A Story Worth PERUsing

Have you ever had those Andes mints?  You know how they’re the perfect mix of sweet and cool?

This post has something that’s both sweeter and cooler.  And actually from the Andes, not the American midwest.

Peru has the longest continuous history of textile creation in the world, going back almost 10,000 years to around the time of the beginning of agriculture.  One of the most distinctive creations is the chullo, the Incan knitted hat.

Traditionally, the hats are made to be worn by babies and grown men, who wear their chullo hats for warmth in the high altitudes of the Andes mountains, then layer a broad-brimmed hat on top to get some protection from the sun.  Though they’re not typically worn by women, the modern chullo hat likely would have gone extinct without the efforts of a young girl named Nilda Callañaupa.  In the 1980s, Nilda went to the only people in Chinchero who still knew how to make the complicated hats, asking to learn.  She taught her niece Yolanda, and this important part of Incan heritage was saved!

That’s not to say it’s easy.  Traditional chullos require lots of patience and very tightly-knit stitches.  It starts with scallop-shaped rows that make up the border.  The Chinchero-style chullo that Nilda worked so hard to preserve features edging in three colors.  Then, there’s a stripe and check border design, called ñaccha or k’utu.  The shaping on the head is adorned with images from the natural world, like foxes, geese, plants, and furrows.  Then comes the three tubular sections, topped with tassels, along with fringing, straps, and finally, the ear flaps.  Oh yes, and all of this is done in the Andean style, meaning the needles, yarn, and knitting are all held backwards.  This alternative to the English or Continental styles requires you to hold the right-hand needle like a pencil, while the yarn gets wrapped around the fingers of your right hand.  There’s a tutorial online for anyone interested.

The patterns for chullos aren’t recorded, which is why they were in danger of disappearing.  Different motifs and colors can signify regional identity or marital status, and different communities have different traditions surrounding the creation of their chullos.  For example, the men of the Chahuaytire community make their own chullos, adding buttons and braids for decoration.  Meanwhile, both men and women make the “bobble” style hat in Accha Alta, creating the strings of bobbles separately and then knitting them into the hat.  In the Taquile community, the women do the spinning, and the men do the knitting.

A Taquile boy doing his knitting


This page has more information about the type of yarn used, as well as a story about a woman learning the technique.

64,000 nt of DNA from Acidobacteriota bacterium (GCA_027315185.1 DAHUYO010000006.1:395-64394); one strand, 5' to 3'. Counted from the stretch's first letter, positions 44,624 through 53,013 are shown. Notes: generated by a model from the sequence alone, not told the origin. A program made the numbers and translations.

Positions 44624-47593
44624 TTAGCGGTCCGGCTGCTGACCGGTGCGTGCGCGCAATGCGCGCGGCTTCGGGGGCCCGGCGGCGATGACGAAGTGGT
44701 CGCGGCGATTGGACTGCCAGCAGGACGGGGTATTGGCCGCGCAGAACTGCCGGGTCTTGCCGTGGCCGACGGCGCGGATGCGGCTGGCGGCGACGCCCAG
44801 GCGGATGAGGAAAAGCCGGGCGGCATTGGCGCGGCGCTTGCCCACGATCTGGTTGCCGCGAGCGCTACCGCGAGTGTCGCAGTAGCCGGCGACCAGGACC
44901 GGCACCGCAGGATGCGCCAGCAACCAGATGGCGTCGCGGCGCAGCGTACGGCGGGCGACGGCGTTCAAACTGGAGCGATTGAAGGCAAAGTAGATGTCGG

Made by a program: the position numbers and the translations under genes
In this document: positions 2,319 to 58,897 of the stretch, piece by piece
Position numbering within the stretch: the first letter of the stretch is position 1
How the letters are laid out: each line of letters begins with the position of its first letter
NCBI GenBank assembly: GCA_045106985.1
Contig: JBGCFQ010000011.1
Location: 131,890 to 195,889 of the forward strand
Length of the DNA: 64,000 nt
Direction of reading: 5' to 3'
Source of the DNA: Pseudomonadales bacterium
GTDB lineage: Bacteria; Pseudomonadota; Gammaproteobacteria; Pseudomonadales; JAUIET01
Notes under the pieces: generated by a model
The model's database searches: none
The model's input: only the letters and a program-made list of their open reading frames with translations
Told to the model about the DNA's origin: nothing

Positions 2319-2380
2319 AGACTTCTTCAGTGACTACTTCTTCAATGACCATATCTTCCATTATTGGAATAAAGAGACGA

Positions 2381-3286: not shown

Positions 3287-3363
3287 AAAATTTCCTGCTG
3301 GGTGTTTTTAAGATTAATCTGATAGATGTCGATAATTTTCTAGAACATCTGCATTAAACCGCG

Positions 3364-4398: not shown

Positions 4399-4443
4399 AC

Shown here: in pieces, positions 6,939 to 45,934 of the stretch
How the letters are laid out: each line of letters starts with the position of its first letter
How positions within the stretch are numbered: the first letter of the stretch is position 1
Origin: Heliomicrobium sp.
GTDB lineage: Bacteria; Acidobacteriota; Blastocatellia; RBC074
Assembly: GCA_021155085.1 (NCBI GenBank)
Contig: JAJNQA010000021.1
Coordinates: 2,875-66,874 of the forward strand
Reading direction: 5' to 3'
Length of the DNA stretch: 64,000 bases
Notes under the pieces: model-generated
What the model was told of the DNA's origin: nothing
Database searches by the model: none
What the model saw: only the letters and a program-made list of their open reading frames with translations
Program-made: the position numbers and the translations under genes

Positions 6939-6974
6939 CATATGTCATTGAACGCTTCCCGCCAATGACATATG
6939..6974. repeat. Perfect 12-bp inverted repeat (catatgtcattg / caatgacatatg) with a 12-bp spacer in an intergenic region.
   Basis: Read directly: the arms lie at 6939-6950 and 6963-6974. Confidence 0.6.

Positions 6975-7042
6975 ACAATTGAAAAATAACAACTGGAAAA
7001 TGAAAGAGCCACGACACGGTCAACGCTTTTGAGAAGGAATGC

Here’s a course where you can learn from the woman who saved the Chinchero chullo!

This pattern is really colorful, and the page also has information about knitting letters into your chullo.  May we suggest “GYI!”


A Wale of a Tale

As we at Gosh Yarn It! like to point out, knitting and crocheting can be survival skills.  Knitting was a literal life saver in Wales in the year without a summer.

In April 1815, Indonesia’s Mount Tambora erupted, causing global temperatures to drop.  This led to some dreary summer days in 1816, and a gang of writers decided to have a scary story contest to salvage their ruined Swiss vacation.  Colder temperatures and heavy rains also led to crop failures in Britain and Ireland, including Wales.  This is where knitting comes in.  In 2012, Wales was home to nearly 8.9 million sheep – and about 3.06 million people.

So when famine struck, men and women took advantage of the domestic stocking industry in such places as Merioneth and Llanuwchllyn.  The knitting of stockings was a major cottage industry in the highland districts of Wales.  Robert Thomas wrote that local men, in addition to women, were skilled knitters, and children were taught to knit as well, so that entire families could pitch in during the hardship.

Traditional stockings from mid-Wales are made with undyed wool welts and toes, and blue or grey legs.  Although most stockings were based more on tradition than on patterns, you can find out more from Nancy Bush’s pattern, published in Folk Socks: The History and Techniques of Handknitted Footwear.

Welsh women were pros when it came to knitting productivity.  They took raw wool, carded it, spun it, and knitted it up, typically producing four pairs of stockings per week.  They took their handicraft everywhere, knitting while they walked.

And in the evenings…

They had knitting groups where they would gather together for nosweithiau gwau, also known as knitting nights or stitch ‘n bitch sessions!



The blog is back!  And just in time to report on some of the exciting things going on at Gosh Yarn It!


  • 21-and-overs had the chance to head to the Punderdome, NYC’s monthly pun competition.  If you missed it, see above re: Punapple Express.

  • Last week was Random Acts of Kindness week, and GYI! distributed handmade flowers to brighten Columbia University’s campus.



Did we leave anything out?  Keep checking back for more updates!